Senior Research Associate
Phone: 202-546-3950 x 102
Recent Blog Posts
The violent protests against a U.S.-based film that started in Egypt last Tuesday continue to spread throughout the Arab world. The most notable of these occurred outside the U.S. embassy in Libya, where four American diplomats lost their lives. Anti-American demonstrations have also been reported in Yemen, Tunisia, Morocco, Sudan, and Gaza City.
Among the four Americans lost, was the U.S. Ambassador to Libya, Chris Stevens. Ambassador Stevens was a career diplomat who was committed to working with the Libyan people. He was the American envoy to the revolutionaries during the uprising in Libya, and helped bring down Moammar Gadhafi. Ambassador Stevens embodied what it truly means to be a diplomat. He was passionate about building a relationship between the United States and Libya, and cared about the people, not just the politics. He helped free the Libyan people, and his death is a tragedy for American diplomacy.
Among those killed, was also U.S. Foreign Service Information Management Officer Sean Smith. Smith was assigned to Libya on a temporary mission. Our diplomats overseas are more than just our representatives or negotiators; they are our peacemakers, our community builders, our innovators, and our trailblazers. They commit their lives to serving the greater good.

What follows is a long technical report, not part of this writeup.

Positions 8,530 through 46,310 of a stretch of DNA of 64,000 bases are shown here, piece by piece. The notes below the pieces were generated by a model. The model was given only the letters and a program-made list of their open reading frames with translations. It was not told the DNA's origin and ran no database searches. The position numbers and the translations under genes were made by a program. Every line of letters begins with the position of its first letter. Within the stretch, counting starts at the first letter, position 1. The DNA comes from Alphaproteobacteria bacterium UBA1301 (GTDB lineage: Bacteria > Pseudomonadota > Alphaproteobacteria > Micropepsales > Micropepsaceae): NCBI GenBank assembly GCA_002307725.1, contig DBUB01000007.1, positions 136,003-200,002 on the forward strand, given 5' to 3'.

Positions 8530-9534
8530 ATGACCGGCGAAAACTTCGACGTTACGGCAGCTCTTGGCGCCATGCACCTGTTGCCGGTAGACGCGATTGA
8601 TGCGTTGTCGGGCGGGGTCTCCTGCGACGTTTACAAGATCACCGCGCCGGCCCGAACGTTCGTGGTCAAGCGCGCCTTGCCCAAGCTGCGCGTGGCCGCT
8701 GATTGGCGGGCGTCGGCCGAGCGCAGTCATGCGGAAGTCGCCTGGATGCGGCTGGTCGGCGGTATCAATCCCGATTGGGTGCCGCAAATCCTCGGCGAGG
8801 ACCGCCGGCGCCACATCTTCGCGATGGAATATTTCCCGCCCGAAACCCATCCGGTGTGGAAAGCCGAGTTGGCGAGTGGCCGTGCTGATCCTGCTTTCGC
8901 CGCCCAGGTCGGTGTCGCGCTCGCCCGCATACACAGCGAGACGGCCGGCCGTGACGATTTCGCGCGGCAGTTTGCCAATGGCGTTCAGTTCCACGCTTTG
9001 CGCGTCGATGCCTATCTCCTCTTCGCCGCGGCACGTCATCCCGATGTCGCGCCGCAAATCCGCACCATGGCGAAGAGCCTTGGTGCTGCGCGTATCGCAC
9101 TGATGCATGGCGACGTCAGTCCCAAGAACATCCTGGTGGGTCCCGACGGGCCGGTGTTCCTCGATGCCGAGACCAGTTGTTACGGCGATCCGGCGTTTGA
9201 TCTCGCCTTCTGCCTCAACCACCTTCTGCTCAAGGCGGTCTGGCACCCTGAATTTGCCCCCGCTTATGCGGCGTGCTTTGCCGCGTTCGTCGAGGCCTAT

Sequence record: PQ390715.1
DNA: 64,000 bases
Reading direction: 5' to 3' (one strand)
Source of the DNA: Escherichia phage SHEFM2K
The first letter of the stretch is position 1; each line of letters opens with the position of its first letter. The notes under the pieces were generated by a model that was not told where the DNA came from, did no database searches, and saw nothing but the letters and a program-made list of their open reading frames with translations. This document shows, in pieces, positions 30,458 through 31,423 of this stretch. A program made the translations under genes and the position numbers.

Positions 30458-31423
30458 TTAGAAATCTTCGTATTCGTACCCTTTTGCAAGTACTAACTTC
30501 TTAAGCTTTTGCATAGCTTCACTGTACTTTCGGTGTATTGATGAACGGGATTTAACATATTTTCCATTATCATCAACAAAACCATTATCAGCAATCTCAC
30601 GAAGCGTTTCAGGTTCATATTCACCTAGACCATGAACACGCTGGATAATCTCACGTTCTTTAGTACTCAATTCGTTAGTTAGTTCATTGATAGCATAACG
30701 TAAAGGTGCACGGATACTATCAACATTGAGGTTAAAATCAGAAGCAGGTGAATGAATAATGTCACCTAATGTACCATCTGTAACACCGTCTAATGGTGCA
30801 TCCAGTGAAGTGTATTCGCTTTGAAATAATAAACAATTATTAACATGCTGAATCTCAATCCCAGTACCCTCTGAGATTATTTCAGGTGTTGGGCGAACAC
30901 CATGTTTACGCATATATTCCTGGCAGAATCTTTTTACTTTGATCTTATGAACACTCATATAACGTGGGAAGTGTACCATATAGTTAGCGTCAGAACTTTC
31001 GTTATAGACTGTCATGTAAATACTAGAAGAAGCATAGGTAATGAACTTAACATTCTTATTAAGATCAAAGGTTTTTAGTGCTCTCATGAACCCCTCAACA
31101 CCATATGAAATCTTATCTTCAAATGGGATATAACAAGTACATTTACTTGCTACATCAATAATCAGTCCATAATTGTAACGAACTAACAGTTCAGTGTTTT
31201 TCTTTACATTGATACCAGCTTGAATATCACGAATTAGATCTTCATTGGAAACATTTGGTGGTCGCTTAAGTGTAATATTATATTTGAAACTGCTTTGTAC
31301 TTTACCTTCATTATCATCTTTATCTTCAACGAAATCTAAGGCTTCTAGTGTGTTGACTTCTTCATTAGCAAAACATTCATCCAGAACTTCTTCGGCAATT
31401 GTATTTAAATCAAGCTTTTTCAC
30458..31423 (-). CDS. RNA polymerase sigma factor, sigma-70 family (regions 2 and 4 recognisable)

Last Friday over 100 people were killed in the predominantly Sunni Muslim region of Houla, including 49 children. Following this horrific event, the United Nations Security Council will meet today to discuss possible action in Syria. Previously, Russia and China have used their veto to block resolutions that called for stronger action, but recent events have increased hopes for tougher consequences for Syria.
The President of Syria, Bashar al-Assad, claimed that terrorist were responsible for the mass killing. Witness from the event said that the murders were committed by the Shabiha, a group previously implicated in violence against government protestors. The Shabiha is a Syrian gang, whose loyalties and identities are uncertain. While it is unclear who the Shabiha are working for, it is suspected by many that they are employed by the Syrian government. The group is known for killing innocent people, especially government protestors, and was responsible for killing and maiming protestors during the March 2011 demonstrations. Many believe that the Shabiha commits the crimes that the government cannot do without international condemnation and severe repercussions.
It all started with a bar of soap in a Pennsylvania hotel room. Derreck Kayongo was spending his first night in an American hotel room when he became aware of the careless custom of replenishing bars of soap every day. Derreck is a native of Uganda and has seen hardship and illness. He thought of the millions of people that all these barely used bars of soap could help, and had the idea to recycle the discarded bars. Thus, in 2009, the Global Soap Project was born.